Objects of My Confection


Sunday, March 15, 2020. I get the occasional response to my halfhearted efforts at job seeking. I responded to one this morning, answering no to some of the preferred technical experience, no to driving to Southfield (hellish commute), no to working in a HAZWOPER environment (hazardous waste site operations and emergency response) though I doubt the job actually involves such work as there aren’t many haz. waste site environments around any longer and this is supposed to be an entry level scientist position which, that said, could mean just about anything. In other words, a lot of field type jobs or even lab jobs just overkill the training requirements. Blah, blah, who cares? I’m retired from that shit. A job now has to be close to home, preferably in town and part time. And at least twice minimum wage. I have skills and experience. And I’m not getting sucked into the mind numbing careerist nonsense again where I’m sleepwalking through the rest of my life just to collect a little paycheck that merely pitches us into a higher tax bracket. I have my work. It doesn’t pay, I wish it did, maybe someday it will, if something transpires that I need employment to survive, I’ll deal with it then.

The reader may be put off by such talk. Suck it up, buddy, get a job, do your part, be like the rest of us, man up, quit living off your wife’s money. Think what you want about me. The art-craft life is full of adjudications, self-inflicted and from without, so be it. I’m fifty-five, had a zillion lousy jobs and a handful of doomed, soul-crushing careers and I’m determined to exploit every advantage I have to realize my dreams. There’s no time to waste working for the man if it’s not imperative. I’ve wasted too many decades giving a shit about what other people think about what I ought to be doing, too many years selling my soul and denying my talents. Too many years not listening to my heart and suffering the horrible consequences of personal mythological schism. And I’m taking 100% responsibility, by the way, for the error of my ways. I made the decisions, I chose to be employed instead of working for myself; I took the jobs, became the careerist asshole and the money-grubbing moron. It was me screwing myself over, there’s nobody else to blame. I made my own bed, dug my own holes.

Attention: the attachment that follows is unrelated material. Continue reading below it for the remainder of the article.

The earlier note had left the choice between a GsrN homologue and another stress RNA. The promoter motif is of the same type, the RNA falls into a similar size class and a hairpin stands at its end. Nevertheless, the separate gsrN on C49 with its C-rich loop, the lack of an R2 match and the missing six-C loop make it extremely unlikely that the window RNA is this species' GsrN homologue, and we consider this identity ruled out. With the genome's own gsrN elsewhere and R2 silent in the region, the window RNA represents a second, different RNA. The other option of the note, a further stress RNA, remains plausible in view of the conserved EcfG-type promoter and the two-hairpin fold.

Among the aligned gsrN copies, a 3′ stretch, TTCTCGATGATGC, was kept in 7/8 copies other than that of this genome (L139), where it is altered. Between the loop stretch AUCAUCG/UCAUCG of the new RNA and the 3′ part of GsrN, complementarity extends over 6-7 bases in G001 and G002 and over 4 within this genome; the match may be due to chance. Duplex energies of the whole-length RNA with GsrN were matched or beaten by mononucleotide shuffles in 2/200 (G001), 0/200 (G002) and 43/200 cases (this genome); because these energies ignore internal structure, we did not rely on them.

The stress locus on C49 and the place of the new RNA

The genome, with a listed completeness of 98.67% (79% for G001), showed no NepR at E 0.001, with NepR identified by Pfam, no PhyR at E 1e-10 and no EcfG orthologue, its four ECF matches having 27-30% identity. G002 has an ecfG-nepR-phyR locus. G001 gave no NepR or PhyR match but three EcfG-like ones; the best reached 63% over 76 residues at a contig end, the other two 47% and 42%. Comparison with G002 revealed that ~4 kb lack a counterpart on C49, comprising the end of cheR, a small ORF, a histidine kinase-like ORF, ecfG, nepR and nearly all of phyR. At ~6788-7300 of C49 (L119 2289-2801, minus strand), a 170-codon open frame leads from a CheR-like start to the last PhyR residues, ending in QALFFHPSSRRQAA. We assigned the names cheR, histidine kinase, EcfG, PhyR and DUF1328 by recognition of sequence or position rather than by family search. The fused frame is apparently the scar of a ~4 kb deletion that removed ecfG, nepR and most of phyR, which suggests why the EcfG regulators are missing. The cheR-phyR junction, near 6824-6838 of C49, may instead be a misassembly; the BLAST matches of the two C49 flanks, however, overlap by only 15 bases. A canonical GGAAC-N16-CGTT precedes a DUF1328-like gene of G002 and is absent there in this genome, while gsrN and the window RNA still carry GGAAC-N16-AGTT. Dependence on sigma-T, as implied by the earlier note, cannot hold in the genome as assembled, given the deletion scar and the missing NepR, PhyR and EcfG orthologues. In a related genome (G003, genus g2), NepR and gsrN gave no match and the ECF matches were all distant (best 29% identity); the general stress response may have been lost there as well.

But the time is now. This is my year and my decade. I’m naming it and claiming it as such, come what may, damn the torpedoes. I’m a writer, an author and I’m good enough to get paid for it even I can’t, as yet, get anyone else to agree with me. I’m enduring the new species of silence. I’m determined to hold to my VAPM until the last knot in the rope.